The number of American children who overweight or obese continues to rise. And we worry about our kids because we know that with added weight comes physical health issues like asthma, heart disease, and diabetes. Heavier children are also at risk for mental health concerns like depression, anxiety, and poor self-esteem. As if that wasn’t enough, overweight and obese children are more likely to be the target of bullying. An article from goodtherapy.org offers some facts surrounding this unfortunate bullying reality. You can read it here.

Now comes the hard part. You wonder what you can do to help your child who struggles with weight. We already know the basics:  get active, limit screen time, avoid fast foods and sugary drinks, fill up on fruits and veggies, etc.

All of these tips are important and necessary. But sometimes we forget to look at the emotional side of weight. If you have a child who is overweight there are some additional factors to consider other than just diet and exercise. Here are some emotionally-based questions to ask yourself when considering a healthy weight program for your child:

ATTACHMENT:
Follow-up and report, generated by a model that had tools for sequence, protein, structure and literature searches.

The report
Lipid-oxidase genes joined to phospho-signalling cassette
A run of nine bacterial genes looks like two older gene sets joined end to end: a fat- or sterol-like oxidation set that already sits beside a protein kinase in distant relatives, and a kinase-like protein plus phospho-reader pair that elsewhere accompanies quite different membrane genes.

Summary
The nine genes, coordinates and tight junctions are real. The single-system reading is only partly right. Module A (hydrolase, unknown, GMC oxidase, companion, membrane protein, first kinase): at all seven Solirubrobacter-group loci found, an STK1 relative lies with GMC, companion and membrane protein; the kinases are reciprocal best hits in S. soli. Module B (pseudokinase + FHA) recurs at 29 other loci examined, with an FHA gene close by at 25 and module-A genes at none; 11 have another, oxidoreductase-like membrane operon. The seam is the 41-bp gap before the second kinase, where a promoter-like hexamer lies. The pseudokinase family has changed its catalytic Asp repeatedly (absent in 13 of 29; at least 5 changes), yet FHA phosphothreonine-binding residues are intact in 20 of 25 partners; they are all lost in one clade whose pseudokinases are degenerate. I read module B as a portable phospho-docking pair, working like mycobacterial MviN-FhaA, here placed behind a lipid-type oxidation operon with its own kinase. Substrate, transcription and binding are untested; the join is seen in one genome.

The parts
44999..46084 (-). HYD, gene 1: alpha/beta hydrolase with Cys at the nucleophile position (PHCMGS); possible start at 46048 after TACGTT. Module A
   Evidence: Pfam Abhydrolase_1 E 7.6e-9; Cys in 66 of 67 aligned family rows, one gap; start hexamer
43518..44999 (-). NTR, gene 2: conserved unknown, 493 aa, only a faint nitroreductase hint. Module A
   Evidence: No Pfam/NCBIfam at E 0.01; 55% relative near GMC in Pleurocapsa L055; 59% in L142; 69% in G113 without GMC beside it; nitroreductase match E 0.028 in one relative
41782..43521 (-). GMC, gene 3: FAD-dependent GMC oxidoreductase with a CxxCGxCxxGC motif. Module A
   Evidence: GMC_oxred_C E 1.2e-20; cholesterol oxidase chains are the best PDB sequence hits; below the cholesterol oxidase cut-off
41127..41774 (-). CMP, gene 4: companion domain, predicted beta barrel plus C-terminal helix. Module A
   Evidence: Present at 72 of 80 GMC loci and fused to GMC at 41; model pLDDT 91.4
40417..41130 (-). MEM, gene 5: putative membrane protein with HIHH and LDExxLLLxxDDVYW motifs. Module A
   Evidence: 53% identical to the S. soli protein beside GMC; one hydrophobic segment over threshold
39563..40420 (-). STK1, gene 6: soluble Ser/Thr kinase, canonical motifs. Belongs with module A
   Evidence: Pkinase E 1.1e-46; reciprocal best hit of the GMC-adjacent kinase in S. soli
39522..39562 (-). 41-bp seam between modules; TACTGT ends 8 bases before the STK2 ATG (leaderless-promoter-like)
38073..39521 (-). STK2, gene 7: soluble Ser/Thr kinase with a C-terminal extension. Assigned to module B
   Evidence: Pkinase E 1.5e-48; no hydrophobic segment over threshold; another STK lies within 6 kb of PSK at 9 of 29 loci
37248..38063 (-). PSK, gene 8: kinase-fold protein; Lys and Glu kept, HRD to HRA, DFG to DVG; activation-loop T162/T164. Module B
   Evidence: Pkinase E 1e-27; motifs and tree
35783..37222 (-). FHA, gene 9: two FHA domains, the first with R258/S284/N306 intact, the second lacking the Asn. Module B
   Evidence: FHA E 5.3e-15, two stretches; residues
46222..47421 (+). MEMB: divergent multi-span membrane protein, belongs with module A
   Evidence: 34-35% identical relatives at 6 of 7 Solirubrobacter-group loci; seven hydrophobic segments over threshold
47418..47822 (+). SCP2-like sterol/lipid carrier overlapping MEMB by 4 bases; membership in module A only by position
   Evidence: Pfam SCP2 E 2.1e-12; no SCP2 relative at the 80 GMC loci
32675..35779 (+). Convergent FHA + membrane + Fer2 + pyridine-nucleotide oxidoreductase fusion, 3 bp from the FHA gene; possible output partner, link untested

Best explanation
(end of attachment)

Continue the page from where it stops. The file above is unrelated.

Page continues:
1. Does child’s self esteem seem to be negatively affected by his/her physical appearance?
  2. Could my child be overeating due to a “hunger” for an unmet emotional need?
  3. Do feelings of sadness or depression account for my child’s low level of physical activity?
  4. Is my child well equipped with the tools necessary to stand up against potential bullying?
  5. What cognitive skills does my child need to learn healthier habits as he/she matures?
  6. How do I effectively communicate that I love and accept my child regardless of his/her weight?

It’s the chicken or the egg question all over again. Which came first: the physical or emotional issues? It really doesn’t matter; they are interwoven and both aspects need to be treated for the best outcome. You always hear “consult your physician” when starting a diet or exercise plan, right? I would also suggest consulting a mental health professional when helping your child deal with issues of weight.

One last thought: If your child is not overweight, you play an important role in this issue as well. Teach your child tolerance. Remember that a kid who’s fighting to lose weight and gain self-esteem can be easily be damaged and thrown off track by teasing or name calling.

 

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